Some analysts and economists also question whether the latest measures will once again prove unable to stem the real’s rise, given the inherent weakness in the dollar because of the ongoing U.S. debate over spending cuts and raising the debt ceiling. Europe’s difficulties with sluggish economic growth and heavy debt loads also have weighed on the euro in recent weeks.

“If the [Brazilian real] is strengthening versus the [U.S. dollar] because of the perception of adverse developments in the U.S., there is little that the Brazilian government can do other than implement measures that will increase domestic competitiveness,” Goldman Sachs said in a report. Such items could include reducing local tax burdens and productivity-enhancing reforms, the firm said. The full impact of the measures is unclear right now, especially given that they will likely be followed by others, Goldman Sachs added.

Credit Crisis Brazil Revisited

I am sticking with analysis as posted in Credit Crisis in Brazil: Consumer Loan Rates Hit 47%, Defaults Soar, Debt Service Tops 50% of Disposable Income

Reader Otavio, from Brazil writes …

Hello Mish

Otavio here, a Brazilian follower of your blog. Today I want to express my satisfaction as I read you latest post entitled Preposterous Statements – Jim Rogers: “No Food at Any Price”; Barton Biggs: ” U.S. Needs Massive Infrastructure Program”.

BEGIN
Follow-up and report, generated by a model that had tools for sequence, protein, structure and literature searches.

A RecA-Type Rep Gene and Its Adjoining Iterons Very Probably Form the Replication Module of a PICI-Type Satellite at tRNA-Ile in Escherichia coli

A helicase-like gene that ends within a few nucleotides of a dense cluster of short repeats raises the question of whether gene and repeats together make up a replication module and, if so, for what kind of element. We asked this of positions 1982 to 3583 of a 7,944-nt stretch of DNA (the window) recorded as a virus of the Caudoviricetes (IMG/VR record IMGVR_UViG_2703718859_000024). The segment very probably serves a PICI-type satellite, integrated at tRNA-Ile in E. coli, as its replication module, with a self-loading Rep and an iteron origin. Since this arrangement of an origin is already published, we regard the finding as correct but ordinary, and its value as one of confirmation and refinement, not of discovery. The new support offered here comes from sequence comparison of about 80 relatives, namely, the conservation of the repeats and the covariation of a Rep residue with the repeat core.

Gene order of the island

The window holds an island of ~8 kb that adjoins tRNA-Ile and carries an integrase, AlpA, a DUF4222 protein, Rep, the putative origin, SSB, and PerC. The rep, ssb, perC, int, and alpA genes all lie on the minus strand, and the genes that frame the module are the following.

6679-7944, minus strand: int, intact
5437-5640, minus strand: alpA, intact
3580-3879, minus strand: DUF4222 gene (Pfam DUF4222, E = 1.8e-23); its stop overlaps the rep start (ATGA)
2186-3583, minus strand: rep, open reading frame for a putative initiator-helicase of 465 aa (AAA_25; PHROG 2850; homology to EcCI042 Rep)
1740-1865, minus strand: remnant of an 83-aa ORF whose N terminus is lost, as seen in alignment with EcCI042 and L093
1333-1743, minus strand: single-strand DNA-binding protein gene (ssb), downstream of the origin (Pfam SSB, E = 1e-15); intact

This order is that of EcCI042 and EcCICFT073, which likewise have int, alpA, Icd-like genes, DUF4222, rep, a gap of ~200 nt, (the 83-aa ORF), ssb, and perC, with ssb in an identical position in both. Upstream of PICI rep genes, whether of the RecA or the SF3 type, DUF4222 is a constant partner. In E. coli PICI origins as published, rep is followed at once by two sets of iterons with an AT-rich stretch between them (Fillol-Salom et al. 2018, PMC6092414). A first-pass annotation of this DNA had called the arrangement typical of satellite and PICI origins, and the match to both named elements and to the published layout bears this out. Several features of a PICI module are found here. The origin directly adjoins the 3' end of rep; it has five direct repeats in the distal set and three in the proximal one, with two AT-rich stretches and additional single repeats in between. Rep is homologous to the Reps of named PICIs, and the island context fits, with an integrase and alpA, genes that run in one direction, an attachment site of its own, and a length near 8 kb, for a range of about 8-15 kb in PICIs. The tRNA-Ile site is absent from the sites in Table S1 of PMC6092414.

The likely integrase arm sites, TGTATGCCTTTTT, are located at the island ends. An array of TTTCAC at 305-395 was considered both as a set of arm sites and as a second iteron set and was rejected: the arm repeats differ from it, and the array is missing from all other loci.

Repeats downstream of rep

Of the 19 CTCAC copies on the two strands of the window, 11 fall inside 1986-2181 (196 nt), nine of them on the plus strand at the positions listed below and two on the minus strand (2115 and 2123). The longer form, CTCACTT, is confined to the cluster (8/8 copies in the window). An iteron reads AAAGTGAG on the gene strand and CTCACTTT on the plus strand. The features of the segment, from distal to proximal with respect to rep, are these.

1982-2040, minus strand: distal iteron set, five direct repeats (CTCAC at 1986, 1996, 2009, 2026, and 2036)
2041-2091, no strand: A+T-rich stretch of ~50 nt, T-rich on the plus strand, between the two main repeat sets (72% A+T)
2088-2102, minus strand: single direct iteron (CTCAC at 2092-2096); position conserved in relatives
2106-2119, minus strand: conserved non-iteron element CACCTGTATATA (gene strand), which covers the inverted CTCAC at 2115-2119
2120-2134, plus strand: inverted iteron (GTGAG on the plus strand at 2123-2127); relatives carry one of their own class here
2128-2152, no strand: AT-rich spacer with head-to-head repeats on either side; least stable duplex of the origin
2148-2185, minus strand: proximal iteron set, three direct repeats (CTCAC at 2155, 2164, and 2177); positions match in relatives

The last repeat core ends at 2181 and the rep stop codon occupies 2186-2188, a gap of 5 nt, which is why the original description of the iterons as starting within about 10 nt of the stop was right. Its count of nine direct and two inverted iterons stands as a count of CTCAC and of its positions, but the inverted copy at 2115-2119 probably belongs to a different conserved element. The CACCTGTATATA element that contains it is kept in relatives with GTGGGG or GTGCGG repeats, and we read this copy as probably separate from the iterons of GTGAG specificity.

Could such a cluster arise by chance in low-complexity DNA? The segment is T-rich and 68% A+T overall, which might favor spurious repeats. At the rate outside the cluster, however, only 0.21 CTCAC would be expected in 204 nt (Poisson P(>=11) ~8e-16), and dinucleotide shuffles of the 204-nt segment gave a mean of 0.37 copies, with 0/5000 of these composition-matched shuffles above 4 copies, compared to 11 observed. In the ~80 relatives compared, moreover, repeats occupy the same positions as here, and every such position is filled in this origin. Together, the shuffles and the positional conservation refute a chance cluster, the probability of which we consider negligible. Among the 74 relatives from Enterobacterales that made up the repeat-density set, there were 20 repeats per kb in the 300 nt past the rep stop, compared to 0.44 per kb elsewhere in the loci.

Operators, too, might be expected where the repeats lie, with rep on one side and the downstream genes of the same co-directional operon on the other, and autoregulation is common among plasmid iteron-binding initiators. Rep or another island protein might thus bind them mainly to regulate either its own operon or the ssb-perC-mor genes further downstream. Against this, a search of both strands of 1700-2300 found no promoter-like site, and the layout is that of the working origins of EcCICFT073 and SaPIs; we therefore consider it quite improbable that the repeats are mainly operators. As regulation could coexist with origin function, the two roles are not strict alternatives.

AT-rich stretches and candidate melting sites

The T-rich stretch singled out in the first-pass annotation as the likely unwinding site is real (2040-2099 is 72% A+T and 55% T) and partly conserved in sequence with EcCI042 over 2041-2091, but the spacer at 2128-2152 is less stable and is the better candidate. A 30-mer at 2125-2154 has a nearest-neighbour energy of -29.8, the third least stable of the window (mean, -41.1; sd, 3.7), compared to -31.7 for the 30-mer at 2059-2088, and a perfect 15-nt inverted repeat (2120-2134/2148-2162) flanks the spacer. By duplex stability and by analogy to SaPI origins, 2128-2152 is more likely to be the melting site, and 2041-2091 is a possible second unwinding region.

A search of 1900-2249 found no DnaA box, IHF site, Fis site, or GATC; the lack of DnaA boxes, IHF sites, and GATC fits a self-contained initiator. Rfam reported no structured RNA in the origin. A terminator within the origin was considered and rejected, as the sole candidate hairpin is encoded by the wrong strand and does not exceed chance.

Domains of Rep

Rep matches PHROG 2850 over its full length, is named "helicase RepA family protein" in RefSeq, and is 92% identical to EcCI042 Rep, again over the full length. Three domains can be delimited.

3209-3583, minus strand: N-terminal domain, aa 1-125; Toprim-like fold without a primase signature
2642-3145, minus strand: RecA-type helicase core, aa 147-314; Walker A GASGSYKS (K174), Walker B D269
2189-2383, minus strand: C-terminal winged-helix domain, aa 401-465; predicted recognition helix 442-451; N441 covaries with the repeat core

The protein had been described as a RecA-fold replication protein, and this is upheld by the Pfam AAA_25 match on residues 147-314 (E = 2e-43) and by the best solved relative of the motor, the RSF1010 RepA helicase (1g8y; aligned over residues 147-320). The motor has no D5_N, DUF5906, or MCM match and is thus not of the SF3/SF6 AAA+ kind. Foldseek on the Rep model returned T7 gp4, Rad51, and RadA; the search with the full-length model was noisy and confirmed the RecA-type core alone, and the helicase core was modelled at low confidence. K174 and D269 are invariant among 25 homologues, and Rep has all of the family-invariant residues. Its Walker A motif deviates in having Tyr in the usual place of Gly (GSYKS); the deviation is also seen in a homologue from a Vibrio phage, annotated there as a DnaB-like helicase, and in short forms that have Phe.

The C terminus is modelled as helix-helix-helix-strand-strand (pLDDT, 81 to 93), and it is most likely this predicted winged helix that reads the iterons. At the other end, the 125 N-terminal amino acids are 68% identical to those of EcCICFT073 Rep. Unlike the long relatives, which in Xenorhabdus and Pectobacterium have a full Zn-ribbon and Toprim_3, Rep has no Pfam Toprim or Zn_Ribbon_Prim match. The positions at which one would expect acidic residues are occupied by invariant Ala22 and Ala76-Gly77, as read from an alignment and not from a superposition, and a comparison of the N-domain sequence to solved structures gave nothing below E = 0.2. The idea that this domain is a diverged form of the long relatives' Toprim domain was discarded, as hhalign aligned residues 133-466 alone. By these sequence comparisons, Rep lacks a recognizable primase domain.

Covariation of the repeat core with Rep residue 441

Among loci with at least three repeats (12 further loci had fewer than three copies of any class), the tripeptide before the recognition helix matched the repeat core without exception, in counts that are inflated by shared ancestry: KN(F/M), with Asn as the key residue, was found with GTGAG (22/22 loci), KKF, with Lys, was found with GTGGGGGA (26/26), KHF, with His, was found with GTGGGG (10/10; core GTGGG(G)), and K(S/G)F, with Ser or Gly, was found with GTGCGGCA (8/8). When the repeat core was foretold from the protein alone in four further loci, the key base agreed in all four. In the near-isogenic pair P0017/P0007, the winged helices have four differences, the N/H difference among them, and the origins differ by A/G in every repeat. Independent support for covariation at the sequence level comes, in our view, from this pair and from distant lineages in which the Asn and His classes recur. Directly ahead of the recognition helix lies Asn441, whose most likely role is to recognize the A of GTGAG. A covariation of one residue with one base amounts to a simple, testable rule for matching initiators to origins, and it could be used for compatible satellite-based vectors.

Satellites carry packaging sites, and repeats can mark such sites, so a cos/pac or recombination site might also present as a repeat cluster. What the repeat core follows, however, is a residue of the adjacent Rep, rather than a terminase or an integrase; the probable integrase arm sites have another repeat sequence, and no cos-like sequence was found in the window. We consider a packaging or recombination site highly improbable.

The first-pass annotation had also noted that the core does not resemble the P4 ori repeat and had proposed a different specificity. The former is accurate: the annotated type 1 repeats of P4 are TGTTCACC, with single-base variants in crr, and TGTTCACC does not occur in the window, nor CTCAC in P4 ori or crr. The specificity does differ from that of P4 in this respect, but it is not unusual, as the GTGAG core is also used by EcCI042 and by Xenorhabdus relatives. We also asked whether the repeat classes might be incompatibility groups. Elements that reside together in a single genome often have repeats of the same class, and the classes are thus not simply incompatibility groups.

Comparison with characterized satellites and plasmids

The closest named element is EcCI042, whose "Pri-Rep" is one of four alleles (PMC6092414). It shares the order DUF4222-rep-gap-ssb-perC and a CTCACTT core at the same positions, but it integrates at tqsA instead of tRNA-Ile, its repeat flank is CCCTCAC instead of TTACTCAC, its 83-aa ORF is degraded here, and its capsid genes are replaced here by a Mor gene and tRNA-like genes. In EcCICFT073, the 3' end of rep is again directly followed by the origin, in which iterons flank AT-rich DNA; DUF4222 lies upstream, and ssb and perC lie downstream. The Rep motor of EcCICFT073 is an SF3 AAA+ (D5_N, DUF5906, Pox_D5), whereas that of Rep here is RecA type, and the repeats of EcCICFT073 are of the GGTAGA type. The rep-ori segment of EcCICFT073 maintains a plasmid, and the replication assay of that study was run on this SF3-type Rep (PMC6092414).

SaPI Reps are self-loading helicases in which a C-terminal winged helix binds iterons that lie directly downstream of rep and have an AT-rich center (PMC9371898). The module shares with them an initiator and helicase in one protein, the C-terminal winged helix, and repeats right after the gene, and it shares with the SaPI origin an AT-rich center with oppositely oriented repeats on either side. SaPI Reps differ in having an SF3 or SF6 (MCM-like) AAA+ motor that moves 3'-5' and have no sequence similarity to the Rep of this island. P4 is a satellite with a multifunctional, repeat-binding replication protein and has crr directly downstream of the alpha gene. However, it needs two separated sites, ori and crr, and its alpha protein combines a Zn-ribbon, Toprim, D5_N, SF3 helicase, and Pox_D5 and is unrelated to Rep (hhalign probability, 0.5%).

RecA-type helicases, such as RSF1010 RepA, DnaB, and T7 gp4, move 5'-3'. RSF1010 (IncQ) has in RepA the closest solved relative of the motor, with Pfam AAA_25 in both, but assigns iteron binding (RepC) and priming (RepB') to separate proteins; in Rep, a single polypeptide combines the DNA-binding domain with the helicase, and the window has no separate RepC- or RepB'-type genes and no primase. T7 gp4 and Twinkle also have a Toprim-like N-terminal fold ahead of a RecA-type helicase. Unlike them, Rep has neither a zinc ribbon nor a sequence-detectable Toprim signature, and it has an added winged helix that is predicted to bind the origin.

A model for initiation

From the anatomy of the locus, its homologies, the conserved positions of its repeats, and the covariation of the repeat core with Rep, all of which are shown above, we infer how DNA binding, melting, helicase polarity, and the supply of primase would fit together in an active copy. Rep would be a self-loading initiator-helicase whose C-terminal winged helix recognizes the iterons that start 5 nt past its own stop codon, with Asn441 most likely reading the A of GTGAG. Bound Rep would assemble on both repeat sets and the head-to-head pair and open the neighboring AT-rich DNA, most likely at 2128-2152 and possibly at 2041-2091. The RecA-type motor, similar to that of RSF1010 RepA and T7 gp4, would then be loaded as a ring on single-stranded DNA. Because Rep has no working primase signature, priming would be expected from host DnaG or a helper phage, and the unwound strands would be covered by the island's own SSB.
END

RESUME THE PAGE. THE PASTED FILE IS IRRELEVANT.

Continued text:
When I hear statements like these, it feels like the move up in commodity prices might be near the end. I cannot stress more the fact that high prices fueled by zero interest rates in developed and many emerging markets (for many years now) are a fruit of rampant speculation.

We have our own credit bubble here, which in my opinion has a good chance of busting sooner rather than later, via one or more of the following:

  1. Central Bank over-tightening local rates
  2. Slowdown in China, which would change our terms of trade and contract global capital flows to EM and Brazil (as we are suppliers of commodities to China), tightening monetary conditions here as a result
  3. Deterioration of credit crisis in Europe (and US), would also contract global capital flows and tighten monetary conditions here

I took the liberty of forwarding you a FT article about Brazil.